Another advantage of Likert scale questions is that they allow you to tackle complex topics and get quantitative data back. For example, how customers feel about your company is not usually a simple question. Perhaps they love your products but find your marketing less appealing, or they like your services enough but think your customer service is what really sets you apart from the competition. Likert scale surveys can get at these points in a highly effective, easy-to-evaluate way so you get clear answers. 

How to write Likert scale survey questions

Now that you understand how useful Likert scale surveys can be, how can you create an effective one yourself? Here are a few suggestions to keep in mind while writing Likert scale survey questions. 

Use caution with your adjectives. Surveys of all kinds work best when your questions are very clear about what they’re asking your respondents. Your response options should include descriptive words that clearly delineate which grade is bigger or higher than the next—your Likert rating scale should go in an easily understandable order. Start from the extremes, like “strongly,” and then move into the more moderate or neutral options for the midpoint, like “very” or “slightly.”

Use accurate phrasing. Likert scale surveys are most effective when they’re phrased correctly. That means being very specific when you’re designing your survey. Asking about satisfaction with your company is too vague. Do you want to know about their satisfaction with your products, how helpful your customer service team is when they have problems, how easy your website is to navigate, or something else? Using highly accurate and specific questions will get you a better quality of responses. 

Use questions, not statements. It’s a funny quirk of human psychology: people tend to automatically agree with statements rather than disagree. We’re polite and agreeable at heart, which is a positive quality but not very useful when you want an honest survey response. To get around this bias, ask questions instead of posing statements for respondents to agree or disagree with.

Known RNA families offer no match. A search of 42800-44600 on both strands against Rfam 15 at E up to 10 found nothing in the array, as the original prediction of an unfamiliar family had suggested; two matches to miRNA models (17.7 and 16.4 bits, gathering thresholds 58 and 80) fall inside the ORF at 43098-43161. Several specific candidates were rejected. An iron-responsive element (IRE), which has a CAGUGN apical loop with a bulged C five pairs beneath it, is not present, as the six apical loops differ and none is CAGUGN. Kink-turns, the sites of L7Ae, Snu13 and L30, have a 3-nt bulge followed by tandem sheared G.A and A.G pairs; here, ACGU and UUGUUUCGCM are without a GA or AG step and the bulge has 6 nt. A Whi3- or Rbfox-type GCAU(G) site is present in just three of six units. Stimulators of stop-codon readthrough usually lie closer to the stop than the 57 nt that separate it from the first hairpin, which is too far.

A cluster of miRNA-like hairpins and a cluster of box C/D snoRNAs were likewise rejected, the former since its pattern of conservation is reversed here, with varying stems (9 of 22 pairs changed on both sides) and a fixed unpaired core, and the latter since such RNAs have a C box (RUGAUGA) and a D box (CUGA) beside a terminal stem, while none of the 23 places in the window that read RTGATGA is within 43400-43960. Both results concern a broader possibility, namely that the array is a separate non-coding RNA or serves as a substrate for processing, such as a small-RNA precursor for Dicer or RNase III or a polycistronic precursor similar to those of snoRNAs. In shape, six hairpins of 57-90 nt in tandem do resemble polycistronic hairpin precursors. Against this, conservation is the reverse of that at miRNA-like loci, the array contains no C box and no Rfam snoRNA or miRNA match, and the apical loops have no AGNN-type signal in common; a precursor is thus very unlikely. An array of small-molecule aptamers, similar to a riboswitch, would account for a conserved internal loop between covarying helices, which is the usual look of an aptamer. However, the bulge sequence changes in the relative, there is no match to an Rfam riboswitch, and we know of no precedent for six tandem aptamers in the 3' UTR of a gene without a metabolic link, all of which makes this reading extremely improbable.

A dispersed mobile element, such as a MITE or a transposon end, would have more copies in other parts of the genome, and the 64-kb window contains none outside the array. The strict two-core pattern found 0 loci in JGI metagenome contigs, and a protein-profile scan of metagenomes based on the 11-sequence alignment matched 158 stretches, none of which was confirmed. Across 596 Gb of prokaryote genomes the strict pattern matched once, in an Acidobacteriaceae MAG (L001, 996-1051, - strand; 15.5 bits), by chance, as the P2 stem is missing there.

Likert scale questions and examples

Likert scale surveys can come in many forms. Here are a few of the most commonly used question types. 

Agreement: You simply show your respondents a variety of statements and ask them how much they agree or disagree with them. These questions are easy to write, pretty standard across most industries, and simple for your respondents to understand. 

Likelihood: How likely a respondent is to take a certain action, like signing up for a membership or purchasing a product. These questions are good if you’re trying to determine how likely someone is to actually do something, instead of just how much they like the idea of something. 

Satisfaction: How satisfied are your customers with something your company offers or does? Asking satisfaction questions is a great way to figure that out. 

Importance: To gauge how strongly people feel about a certain service, product, or experience, you can ask a Likert scale question that measures how important something is to a customer. 

So what do these Likert scale examples look like in real life? Here are a few common examples for your reference. 

Customer Satisfaction

Likert scale responses can be used to measure a whole variety of customer service sentiments.  They typically use an ordinal scale that lets your users rank their opinions on something. A customer satisfaction Likert scale question might look like this: 

How satisfied or dissatisfied are you with our company’s services? 

  • Very satisfied 

  • Somewhat satisfied 

  • Neither satisfied nor dissatisfied 

  • Somewhat dissatisfied 

  • Very dissatisfied 

Event feedback

After an event, you will want to gather feedback from your attendees to see how much they enjoyed and valued it. This is true whether it’s an in-person event or an online one. A Likert scale survey to ask attendees about their experience could look like this: